We left Nairobi in a safari van with several other tourists. The driver who picked us up mentioned that today was Kenya’s Independence Day. On December 12, 1963, Kenya officially became independent from Britain. “That is Uhuru Park,” our driver said as he pointed it out, “and uhuru means ‘freedom’ in Kiswahili.”
“Isn’t Uhuru also the name of Jomo Kenyatta’s son?” I asked.
“Yes,” the driver confirmed.
I had one more important point to make. “And also on the TV show Star Trek,” I announced proudly, “Uhura is the name of the chief communications officer of the U.S.S. Enterprise.” Total silence. The driver furrowed his brow, and Zannah made the universal hand gesture for “crash and burn.”
Only thirty minutes from the city we stopped to take in our first panoramic view of the Great Rift Valley, a massive trench that runs all the way from Syria to Mozambique. It felt surreal to be standing there and I had to laugh. “Now this looks like Africa,” said Zannah.
“Do you think it’s good that some Masai still follow the old ways?” I asked.
“Yes,” he replied immediately. “Because otherwise tourists would not want to see them.”
“Only because of the tourists?” asked Zannah.
“Yes,” answered Limeri, in a tone of voice that made it sound more like “Of course.”
Just past Narok the condition of the road deteriorated dramatically, and to avoid the massive potholes we often drove beside the road instead of on it. But the memorable scenes outside the window diverted my attention away from the bumpy ride. We began to see giraffe heads poking out of the treetops. A family of baboons played next to a wooden hut. Red-robed Masai herded goats and cows and waved at us as we drove past.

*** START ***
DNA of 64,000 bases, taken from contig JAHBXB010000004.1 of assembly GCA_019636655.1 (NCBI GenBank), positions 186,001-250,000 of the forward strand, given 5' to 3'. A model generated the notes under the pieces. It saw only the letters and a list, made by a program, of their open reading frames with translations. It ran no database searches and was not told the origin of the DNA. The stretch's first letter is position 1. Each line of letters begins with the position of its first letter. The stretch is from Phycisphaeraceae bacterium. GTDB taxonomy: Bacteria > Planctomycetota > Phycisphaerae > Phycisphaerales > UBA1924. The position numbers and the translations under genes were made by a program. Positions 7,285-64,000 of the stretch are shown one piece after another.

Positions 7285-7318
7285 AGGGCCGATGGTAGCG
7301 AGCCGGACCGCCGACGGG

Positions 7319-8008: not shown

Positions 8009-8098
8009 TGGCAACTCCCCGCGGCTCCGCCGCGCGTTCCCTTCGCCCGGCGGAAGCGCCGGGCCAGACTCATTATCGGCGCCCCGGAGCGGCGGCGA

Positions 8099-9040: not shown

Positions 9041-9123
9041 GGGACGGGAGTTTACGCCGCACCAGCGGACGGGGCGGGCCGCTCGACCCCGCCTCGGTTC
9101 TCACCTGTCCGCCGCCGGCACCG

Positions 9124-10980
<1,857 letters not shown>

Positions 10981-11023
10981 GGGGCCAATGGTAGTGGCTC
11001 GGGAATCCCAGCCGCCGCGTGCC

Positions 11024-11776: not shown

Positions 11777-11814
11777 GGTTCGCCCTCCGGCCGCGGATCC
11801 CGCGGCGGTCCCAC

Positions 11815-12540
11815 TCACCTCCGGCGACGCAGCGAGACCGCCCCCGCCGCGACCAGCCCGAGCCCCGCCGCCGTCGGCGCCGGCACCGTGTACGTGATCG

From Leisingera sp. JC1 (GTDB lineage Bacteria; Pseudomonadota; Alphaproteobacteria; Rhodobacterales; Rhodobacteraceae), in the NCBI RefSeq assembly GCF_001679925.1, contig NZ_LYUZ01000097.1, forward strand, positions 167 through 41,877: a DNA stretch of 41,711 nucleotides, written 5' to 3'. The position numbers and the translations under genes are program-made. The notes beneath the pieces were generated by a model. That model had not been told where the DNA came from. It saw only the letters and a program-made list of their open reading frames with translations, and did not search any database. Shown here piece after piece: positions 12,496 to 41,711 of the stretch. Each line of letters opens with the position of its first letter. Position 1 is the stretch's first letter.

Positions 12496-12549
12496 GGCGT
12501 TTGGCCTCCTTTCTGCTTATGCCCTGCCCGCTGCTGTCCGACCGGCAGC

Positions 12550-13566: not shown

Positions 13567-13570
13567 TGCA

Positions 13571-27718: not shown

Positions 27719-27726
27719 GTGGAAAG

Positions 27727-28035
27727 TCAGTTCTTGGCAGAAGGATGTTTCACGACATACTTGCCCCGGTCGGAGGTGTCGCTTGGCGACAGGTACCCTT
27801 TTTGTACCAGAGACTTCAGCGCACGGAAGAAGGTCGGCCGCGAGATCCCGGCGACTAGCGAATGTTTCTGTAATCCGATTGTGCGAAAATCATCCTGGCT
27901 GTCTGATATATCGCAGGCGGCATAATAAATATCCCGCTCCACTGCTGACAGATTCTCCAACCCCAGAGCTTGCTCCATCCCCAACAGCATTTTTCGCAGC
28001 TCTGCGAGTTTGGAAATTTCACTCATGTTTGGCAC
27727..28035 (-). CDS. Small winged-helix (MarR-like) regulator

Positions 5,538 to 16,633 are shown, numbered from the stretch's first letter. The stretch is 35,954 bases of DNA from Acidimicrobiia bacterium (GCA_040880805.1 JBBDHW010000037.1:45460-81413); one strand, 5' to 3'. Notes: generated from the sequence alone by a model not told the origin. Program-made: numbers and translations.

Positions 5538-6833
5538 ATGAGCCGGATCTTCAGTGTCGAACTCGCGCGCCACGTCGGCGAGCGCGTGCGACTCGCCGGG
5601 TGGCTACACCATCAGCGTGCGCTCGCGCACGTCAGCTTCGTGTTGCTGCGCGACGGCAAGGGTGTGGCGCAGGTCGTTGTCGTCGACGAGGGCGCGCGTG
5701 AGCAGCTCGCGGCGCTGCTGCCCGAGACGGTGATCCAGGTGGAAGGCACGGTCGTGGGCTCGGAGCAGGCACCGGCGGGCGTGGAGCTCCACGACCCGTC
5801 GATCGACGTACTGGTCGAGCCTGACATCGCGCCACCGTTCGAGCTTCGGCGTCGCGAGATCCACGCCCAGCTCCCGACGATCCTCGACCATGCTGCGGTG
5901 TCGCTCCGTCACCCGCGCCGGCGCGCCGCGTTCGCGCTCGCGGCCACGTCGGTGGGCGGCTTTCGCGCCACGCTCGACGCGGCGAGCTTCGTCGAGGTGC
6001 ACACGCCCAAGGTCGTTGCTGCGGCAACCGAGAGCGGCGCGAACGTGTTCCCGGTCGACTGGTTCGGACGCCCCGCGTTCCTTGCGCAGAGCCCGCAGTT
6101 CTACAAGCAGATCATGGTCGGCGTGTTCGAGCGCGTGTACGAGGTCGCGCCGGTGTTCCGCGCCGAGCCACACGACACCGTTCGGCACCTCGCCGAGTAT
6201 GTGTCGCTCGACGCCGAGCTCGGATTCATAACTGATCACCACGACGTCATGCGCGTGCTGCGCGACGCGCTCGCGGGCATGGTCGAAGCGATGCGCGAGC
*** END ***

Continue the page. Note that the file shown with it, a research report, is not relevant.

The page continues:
We arrived just outside the park’s Oloololo gate in the late afternoon, and the driver took Zannah and me to the small lodge we’d be staying at for the next two nights. We stopped just long enough to put our bags in our room – a semi-permanent tent with a zipper for an entrance – and then we hopped right back on the safari van for our first game drive.
The Masai Mara is truly incredible. Zannah began reciting a string of Lion King quotes, and I had to admit it felt as if we’d entered the movie. Herds of zebra, impala, and wildebeest grazed happily in the fading sunlight. Green hills rolled into the distance, their smooth lines broken only occasionally by the broad canopy of a solitary Acacia tree. The roof of our safari van popped open, allowing us to stand up for unobstructed views in every direction. We drove slowly along a dirt road and stopped frequently to watch nearby animals. Before long we spotted a group of elephants walking next to the road and drove up right next to them.
2 thoughts on “Masai Mara, Kenya, Part 1”
this could be my favorite part of your trip…